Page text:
Cannabis is commonly used among pregnant women. It is unclear whether cannabis exposure
causes hemodynamic modifications in the fetus, like tobacco does.
This study aims to ascertain fetal blood redistribution due to intrauterine cannabis
This study was embedded in the Generation R Focus Study, a population-based cohort
of parents and children followed from pregnancy onwards. In late pregnancy, fetal
hemodynamics was assessed with ultrasound measurements in cannabis-exposed and non-exposed
fetuses. Pregnant women reported about substance use during pregnancy. A distinction
was made between continued cannabis use (n=9), cannabis use only in early pregnancy
(n=14), continued tobacco use (n=85), tobacco use only in early pregnancy (n=92),
and no tobacco or cannabis use during pregnancy (n=85).
Continued cannabis use was associated with an increased pulsatility and resistance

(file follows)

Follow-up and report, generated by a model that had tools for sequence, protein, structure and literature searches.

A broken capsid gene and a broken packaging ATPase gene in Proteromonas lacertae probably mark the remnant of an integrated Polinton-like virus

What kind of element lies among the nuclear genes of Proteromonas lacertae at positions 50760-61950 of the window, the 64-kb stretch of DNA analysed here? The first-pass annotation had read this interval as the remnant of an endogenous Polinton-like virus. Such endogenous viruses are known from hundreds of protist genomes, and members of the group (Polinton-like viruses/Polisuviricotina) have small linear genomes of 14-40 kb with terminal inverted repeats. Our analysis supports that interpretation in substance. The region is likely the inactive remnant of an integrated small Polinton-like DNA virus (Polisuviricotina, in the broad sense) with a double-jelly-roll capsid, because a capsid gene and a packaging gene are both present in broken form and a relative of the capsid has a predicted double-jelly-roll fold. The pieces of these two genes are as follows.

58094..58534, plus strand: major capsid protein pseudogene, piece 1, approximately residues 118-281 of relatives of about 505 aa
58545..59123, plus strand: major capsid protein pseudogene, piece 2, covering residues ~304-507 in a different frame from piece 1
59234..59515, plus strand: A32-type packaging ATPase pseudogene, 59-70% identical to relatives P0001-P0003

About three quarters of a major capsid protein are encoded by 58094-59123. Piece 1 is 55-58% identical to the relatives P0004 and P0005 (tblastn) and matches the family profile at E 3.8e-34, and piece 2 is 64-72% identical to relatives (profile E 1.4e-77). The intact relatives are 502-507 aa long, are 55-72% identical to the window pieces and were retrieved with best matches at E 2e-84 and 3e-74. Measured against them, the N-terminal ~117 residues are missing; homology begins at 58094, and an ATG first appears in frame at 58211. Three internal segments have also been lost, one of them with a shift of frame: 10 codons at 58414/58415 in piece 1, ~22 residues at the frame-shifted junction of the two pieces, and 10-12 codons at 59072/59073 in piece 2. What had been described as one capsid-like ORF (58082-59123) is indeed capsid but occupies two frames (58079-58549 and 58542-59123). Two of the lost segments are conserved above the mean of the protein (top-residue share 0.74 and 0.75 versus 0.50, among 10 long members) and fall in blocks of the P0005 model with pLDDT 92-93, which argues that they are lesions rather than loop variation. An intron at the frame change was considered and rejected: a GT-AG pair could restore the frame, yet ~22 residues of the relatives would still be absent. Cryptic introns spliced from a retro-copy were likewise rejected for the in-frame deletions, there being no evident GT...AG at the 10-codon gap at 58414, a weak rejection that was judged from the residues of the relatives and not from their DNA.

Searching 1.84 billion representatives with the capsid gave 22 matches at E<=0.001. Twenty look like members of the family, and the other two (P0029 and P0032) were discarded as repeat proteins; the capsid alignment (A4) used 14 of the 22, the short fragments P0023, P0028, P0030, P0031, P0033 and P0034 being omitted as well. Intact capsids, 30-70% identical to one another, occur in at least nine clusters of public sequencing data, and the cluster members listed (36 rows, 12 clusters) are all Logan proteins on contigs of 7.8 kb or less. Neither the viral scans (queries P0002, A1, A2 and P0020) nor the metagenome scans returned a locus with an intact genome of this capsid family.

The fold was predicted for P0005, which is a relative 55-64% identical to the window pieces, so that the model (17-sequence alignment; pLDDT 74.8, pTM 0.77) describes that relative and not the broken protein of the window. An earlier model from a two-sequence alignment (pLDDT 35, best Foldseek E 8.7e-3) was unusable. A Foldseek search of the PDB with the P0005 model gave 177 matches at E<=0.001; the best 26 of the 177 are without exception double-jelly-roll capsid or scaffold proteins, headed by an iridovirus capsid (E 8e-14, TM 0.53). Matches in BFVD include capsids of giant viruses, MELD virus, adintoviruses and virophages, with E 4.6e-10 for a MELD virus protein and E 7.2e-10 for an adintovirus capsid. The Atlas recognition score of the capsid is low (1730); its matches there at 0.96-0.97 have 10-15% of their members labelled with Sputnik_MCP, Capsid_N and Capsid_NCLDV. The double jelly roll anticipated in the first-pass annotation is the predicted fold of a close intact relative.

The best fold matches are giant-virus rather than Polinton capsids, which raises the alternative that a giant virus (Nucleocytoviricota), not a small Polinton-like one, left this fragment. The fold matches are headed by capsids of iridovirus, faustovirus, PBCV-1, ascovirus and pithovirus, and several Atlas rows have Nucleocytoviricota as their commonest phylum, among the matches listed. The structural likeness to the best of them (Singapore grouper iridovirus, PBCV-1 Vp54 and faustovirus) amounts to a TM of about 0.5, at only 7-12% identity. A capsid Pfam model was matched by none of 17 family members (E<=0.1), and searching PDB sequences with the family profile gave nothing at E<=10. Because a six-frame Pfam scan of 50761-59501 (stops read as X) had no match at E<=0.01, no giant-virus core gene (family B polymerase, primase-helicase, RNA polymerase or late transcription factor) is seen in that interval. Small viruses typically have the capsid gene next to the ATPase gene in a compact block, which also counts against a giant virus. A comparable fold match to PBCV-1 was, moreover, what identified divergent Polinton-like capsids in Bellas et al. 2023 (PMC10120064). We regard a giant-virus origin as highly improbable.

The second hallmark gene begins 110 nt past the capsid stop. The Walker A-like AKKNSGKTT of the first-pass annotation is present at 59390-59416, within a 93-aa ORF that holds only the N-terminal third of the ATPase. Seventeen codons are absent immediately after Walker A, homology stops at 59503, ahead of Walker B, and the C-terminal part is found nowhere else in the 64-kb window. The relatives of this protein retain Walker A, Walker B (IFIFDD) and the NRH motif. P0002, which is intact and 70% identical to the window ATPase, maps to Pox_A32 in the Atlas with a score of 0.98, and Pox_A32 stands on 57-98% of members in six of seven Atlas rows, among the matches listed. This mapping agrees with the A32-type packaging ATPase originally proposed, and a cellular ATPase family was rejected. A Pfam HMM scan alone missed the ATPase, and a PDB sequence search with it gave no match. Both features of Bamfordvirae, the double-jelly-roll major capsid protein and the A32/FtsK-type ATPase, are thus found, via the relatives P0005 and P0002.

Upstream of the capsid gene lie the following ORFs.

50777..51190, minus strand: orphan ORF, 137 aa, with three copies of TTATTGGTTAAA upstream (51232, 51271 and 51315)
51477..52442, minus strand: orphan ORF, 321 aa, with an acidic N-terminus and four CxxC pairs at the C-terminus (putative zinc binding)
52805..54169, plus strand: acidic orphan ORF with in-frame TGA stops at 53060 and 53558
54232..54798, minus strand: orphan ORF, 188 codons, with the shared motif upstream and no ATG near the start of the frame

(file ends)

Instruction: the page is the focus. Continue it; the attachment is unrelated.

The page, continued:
index of the uterine artery, while discontinued cannabis use was associated with a
decreased pulsatility, and resistance index, as compared to controls. Additionally,
continued cannabis exposure resulted in a significantly higher uterine pulsatility
index and uterine resistance index compared to tobacco exposure. Continued cannabis
use was found to be associated with a smaller aortic diameter, as well. No association
between intrauterine cannabis exposure and the fetal cerebral vascular system was
Our findings suggest that intrauterine cannabis exposure was associated with changes
in hemodynamic programming of the vascular system of the fetus in late pregnancy mainly
due to tobacco exposure, but intrauterine cannabis exposure did demonstrate a specific
effect on the uterine blood flow.
2010. Published by Elsevier Ireland Ltd.